Manziel changes Browns' QB conversation

After waffling back and forth for the better part of a day about the performance of Johnny Manziel in Saturday’s Cleveland Browns scrimmage, it’s time to get off the fence.

What Manziel did mattered.

And it changes the conversation about the starting quarterback job. It doesn’t change the entire dynamic, but Manziel took advantage of his first real chance to alter the discussion a bit.

The usual caveat applies: Nobody but the coaches and players know where the throws were supposed to go, or how the play was supposed to be run. So in a sense, everyone is going on guesswork.

But results are results, and what Manziel did has to mean something. Why have a scrimmage if it doesn’t?

A few years back, when Steve Spurrier arrived at Florida, he had an incumbent quarterback by the name of Kyle Morris and a young one in Shane Matthews. Through all of spring practice, Spurrier said Morris was ahead. But in the spring game -- i.e. scrimmage -- Morris was OK and Matthews was good. Spurrier immediately elevated Matthews, who had an excellent career at Florida.

The reason one afternoon wiped out a month of work?

“That’s when the silks are on,” Spurrier said.

That’s when it matters.

Browns coach Mike Pettine made no secret prior to the scrimmage that it would mean more than practice, and the games would mean more than the scrimmage.

Manziel had a productive scrimmage -- not so much in terms of numbers, but in terms of the way he played and what he got done. He ran around, he moved, he threw what should have been a touchdown pass to Gary Barnidge and shortly after threw another that should have been a touchdown to Charles Johnson. Barnidge was incorrectly ruled out of bounds, and Johnson could not handle the throw as he was hit.

Manziel squeezed in two throws to receivers on the sidelines as he ran out of bounds, and he ran the read-option plays he was given well. He ran for first downs, threw for a first down on a fourth down, and made a lovely throw to Barnidge for what should have been a score.

Perspective matters here -- both positive and negative.

Manziel started slow, turned the wrong way on a handoff, and admitted he's adjusting even to hearing plays called from the sidelines. Pettine admits Manziel can't run every time and has to choose his spots, so he has much growth to do in terms of standing in the pocket, making a read, and completing a throw. Kyle Shanahan is an offensive coordinator who wants discipline, and he's already warned that teams will hem in Manziel, and his strength could easily become a weakness.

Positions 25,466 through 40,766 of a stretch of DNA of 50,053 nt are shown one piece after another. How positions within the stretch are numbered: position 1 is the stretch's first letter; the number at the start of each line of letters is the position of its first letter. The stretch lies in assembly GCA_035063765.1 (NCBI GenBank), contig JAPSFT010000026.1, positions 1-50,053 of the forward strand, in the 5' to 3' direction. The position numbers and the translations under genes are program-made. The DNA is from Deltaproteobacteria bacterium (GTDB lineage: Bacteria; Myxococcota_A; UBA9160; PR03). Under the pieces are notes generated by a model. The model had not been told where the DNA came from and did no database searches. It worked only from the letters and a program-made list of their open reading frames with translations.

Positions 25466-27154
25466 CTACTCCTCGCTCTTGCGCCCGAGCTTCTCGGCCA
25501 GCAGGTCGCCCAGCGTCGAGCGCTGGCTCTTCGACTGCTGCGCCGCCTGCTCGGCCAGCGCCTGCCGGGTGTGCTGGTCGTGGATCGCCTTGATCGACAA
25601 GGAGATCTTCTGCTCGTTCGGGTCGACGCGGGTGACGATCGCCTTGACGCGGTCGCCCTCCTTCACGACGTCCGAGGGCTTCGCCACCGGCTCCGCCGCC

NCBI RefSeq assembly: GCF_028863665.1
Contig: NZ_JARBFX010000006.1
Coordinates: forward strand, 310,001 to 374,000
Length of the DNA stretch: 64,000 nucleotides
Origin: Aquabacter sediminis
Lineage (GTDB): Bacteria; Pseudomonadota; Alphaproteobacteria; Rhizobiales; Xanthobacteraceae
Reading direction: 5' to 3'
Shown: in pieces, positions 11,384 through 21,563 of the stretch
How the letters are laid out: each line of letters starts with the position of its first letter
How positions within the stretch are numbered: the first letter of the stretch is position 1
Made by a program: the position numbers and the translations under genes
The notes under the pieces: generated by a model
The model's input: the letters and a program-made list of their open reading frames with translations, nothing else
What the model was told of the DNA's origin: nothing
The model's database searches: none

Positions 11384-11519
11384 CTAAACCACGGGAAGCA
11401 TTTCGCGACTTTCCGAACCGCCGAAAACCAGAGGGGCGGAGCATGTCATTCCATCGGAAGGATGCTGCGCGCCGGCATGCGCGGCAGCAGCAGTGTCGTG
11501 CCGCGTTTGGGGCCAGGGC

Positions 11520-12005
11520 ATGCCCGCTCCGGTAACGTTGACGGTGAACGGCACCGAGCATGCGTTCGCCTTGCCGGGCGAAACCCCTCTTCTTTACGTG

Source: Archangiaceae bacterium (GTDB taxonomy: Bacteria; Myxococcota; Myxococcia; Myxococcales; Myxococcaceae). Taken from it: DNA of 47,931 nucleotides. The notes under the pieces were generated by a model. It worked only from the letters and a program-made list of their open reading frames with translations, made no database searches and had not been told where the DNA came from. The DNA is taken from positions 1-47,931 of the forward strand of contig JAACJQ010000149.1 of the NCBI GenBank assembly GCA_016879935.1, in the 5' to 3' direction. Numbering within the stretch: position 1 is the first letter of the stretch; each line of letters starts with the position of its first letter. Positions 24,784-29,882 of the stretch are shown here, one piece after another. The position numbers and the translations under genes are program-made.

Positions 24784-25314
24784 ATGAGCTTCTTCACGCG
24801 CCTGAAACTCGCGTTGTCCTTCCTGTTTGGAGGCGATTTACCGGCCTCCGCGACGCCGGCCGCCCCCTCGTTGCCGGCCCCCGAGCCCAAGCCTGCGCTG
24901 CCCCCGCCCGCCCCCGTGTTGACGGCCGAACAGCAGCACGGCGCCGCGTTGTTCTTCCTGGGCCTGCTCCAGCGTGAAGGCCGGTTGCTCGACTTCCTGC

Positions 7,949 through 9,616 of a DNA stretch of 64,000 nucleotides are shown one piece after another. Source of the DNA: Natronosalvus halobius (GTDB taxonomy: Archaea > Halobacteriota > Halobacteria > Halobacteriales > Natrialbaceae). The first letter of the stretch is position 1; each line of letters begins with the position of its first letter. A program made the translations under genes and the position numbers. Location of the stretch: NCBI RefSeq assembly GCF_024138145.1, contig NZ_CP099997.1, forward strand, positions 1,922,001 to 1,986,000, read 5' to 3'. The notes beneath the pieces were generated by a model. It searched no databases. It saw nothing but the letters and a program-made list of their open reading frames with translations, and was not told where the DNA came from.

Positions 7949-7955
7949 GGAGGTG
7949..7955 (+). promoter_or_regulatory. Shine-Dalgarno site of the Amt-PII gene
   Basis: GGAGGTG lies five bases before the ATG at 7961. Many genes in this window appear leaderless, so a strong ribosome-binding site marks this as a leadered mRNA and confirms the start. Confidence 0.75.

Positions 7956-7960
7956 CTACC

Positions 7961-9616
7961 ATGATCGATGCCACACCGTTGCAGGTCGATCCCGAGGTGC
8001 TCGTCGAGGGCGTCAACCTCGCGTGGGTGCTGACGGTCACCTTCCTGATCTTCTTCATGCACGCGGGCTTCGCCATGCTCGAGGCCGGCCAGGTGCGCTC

But Manziel also is a rookie running an offense far more complex than he was used to in college. "Cleveland Browns Daily," the team’s radio show, said one play might have as many as 16 words. That’s a tough adjustment for a guy used to a quick call and quick read and quick throw.

Now he’s doing pre-snap reads, calling protections and going through progressions.

So when he can make something of nothing while he learns, it’s meaningful.

What we don’t know is whether Manziel ran around with a purpose, or whether he ran around a la Colt McCoy, who seemed to scamper to his right frequently when his first read wasn’t there. If Manziel is running without a purpose, he has some growing to do. If he’s running with a purpose because that’s his game, well then have at it.

Brian Hoyer has been steady and solid in practice. He made a very large leap from Day 1 to Day 2 of training camp and has been consistent since. The one thing he’s not done, though, is improve tremendously since that day. He’s been right at or around the same level.

Criticizing the guy would be absurd given his attitude, professionalism and approach. He’s what every team needs in its players.

And when a Joe Thomas compares his competitiveness to Tom Brady, it’s worth listening and giving him time to progress.

It would still make sense for Hoyer to start the opener. Manziel remains a rookie, and the Browns do open at Pittsburgh.

But Manziel no doubt will start to get reps with the starters this week (it hasn’t happened yet), which will increase the attention and scrutiny. And when Pettine kind of off-handedly says that they started training camp with Hoyer as the starter “because we had to have someone out there with the 1s,” it raises eyebrows.

In theory, Manziel should get better as he learns the offense.

In theory, his plays with his feet should help an offense that will need help.

In reality, he’s a highly ballyhooed first-round pick who did some noteworthy things in a scrimmage.

He took advantage of his chance in the scrimmage, and he’s changed the conversation a bit.

If Manziel does the same things in Detroit, the conversation might just become a full-fledged discussion.